Australia to Build East Coast Base for its Planned Nuclear Subs

Special to BenarNews
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Australia to Build East Coast Base for its Planned Nuclear Subs The USS Missouri departs Joint Base Pearl Harbor-Hickam on Sept. 1, 2021.
[U.S. Navy via AP]

Australia will build a new submarine base on the east coast of the country to support its planned new nuclear-powered submarines, the Australian prime minister has said.

Last September, the Australian government announced a plan to acquire at least eight nuclear submarines as part of the newly-established trilateral security arrangement between Australia, the United Kingdom and the United States (AUKUS).

At that time, China criticized the AUKUS deal, describing it as “extremely irresponsible” and “intensifying the arms race.”

Australian Prime Minister Scott Morrison said in a joint statement with Minister of Defense Peter Dutton late on Monday that the future east coast submarine base “would enhance Australia’s strategic deterrent capability in the Pacific Ocean.”

Australia already runs a submarine base in Fleet Base West in Garden island, off the Western Australia coast, home of its navy’s six Collins-class submarines.

“Fleet Base West will remain home to our current and future submarines, given its strategic importance on the Indian Ocean,” said Morrison.

The Australian government has identified three locations for the new submarine base on the east coast: Brisbane, Newcastle, and Port Kembla.

It is estimated that more than AU$10 billion (U.S. $7.3 billion) will be needed for facility and infrastructure development, including the new submarine base, according to the Australian Ministry of Defense.

The eight planned nuclear submarines would cost AU$70 billion (U.S. $ 51.2 billion) at an “absolute minimum” and could be as much as AU$171 billion (U.S. $125 billion), according to a report from the Australian Strategic Policy Institute, or ASPI, a Canberra-based think tank.

Morrison said that under the AUKUS partnership, Australia “will have access to the best technology in the world to support our efforts to deter threats against our national interest in the Indo-Pacific.”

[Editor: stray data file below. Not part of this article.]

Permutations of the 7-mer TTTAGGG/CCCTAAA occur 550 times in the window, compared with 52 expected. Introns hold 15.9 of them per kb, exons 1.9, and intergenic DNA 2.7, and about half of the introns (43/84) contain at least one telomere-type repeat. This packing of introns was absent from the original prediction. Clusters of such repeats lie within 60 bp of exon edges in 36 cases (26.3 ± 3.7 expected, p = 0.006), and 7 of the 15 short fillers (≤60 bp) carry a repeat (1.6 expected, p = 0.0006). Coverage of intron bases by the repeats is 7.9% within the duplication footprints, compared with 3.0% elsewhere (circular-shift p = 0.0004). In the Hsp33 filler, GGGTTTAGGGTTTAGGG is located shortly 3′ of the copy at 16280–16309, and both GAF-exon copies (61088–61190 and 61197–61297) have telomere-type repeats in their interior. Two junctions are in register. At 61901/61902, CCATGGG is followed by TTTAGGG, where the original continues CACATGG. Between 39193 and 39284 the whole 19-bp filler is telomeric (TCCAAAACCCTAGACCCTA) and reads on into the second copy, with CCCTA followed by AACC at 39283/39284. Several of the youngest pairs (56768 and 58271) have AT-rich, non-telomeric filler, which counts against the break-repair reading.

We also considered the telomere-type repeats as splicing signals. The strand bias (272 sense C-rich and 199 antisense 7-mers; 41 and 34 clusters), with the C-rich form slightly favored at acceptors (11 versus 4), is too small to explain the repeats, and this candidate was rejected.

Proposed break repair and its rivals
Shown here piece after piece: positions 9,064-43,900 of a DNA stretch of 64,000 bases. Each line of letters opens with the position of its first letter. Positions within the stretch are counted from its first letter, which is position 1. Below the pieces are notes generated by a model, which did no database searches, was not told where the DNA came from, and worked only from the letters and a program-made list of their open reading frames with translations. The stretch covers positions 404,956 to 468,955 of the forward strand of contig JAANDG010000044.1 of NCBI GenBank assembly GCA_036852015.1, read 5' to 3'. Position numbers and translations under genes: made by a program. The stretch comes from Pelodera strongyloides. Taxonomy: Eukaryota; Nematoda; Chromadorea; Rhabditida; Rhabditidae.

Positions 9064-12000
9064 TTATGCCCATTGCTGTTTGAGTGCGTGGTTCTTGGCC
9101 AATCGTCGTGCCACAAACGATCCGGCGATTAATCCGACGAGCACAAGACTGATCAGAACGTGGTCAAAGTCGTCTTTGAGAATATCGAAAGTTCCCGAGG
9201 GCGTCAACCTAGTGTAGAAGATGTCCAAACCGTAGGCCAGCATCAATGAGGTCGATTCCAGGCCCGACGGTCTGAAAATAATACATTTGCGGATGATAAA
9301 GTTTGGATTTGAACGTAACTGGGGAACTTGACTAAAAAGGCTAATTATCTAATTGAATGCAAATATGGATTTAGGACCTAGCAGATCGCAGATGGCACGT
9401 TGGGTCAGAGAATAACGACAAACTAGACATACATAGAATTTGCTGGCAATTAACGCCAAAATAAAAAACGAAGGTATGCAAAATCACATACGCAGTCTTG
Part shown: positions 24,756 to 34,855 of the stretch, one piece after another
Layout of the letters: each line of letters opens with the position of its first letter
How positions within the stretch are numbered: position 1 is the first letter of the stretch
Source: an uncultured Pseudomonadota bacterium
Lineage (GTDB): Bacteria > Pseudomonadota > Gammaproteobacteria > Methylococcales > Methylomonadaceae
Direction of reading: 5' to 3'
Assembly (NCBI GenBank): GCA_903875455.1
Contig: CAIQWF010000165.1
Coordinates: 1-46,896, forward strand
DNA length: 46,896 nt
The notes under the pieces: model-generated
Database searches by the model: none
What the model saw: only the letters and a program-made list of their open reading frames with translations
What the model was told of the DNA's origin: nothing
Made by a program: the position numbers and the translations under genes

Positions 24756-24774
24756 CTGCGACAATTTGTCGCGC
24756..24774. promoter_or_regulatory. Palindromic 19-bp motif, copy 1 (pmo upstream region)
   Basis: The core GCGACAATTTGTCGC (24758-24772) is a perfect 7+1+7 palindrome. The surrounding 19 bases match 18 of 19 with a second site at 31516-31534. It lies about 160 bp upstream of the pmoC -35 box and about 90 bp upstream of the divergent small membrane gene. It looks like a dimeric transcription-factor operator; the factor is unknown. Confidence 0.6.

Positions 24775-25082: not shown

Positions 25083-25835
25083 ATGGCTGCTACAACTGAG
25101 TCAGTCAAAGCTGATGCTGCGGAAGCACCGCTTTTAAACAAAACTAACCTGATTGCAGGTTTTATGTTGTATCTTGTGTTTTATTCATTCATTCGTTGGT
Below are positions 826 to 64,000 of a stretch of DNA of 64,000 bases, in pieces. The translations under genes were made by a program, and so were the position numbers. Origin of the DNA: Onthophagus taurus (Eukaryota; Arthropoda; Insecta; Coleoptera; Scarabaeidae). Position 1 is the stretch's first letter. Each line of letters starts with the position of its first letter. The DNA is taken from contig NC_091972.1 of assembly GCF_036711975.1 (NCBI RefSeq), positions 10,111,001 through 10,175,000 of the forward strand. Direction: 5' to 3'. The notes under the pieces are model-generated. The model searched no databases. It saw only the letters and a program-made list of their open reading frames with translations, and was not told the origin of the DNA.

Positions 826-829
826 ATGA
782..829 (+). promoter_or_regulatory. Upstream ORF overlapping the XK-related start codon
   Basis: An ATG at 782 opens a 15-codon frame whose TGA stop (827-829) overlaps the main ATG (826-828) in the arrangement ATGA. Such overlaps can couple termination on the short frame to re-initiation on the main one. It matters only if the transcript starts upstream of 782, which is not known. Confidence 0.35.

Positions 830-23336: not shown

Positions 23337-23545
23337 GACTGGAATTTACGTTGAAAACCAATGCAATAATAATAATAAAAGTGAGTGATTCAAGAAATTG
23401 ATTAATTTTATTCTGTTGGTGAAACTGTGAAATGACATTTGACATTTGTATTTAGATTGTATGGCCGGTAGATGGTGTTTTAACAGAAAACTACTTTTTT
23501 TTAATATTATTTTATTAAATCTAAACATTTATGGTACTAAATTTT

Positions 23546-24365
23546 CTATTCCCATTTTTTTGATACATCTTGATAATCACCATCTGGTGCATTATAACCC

AUKUS, set up to address regional security concerns, is widely viewed as an effort to counter China’s influence.


Australian Prime Minister Scott Morrison speaks at a press conference in Sydney, on Feb. 24, 2022. [AAP via AP]

Quad ‘wasn't set up to focus on Europe’

In an address to the Lowy Institute, another Australian think tank, also on Monday, Morrison said, “Australia faces it’s most difficult and dangerous security environment in 80 years.” He was referring to the ongoing crisis in Europe and the broader challenge to the world order that “will inevitably stretch to the Indo-Pacific.”

Australia is a member of another strategic grouping that hedges against a rising China – the Quadrilateral Security Dialogue (Quad) – together with the U.S., India and Japan.

Morrison and three other Quad leaders held a virtual meeting last Thursday to discuss the implications of the war in Europe, specifically for the Indo-Pacific.

With India refusing to condemn Russia’s aggression, there have been concerns about a rift within the Quad.

Morrison said that “there are powerful actors in our region who are watching closely, looking for signs of weakness and division within the West,” implying there was a need to refocus and strengthen the partnership.

He said that the Quad “wasn’t set up to focus on Europe” but “to focus on strategic issues, on humanitarian issues, [and] economic development issues in the Indo-Pacific.”

Malcolm Davis, a senior analyst on defense and security at ASPI, said the meeting last week “marked the limits of the Quad’s ability to coordinate on key issues of concern outside of an Indo-Pacific context.”

“It does highlight that the Quad won’t necessarily be a global actor in its own right,” he said.


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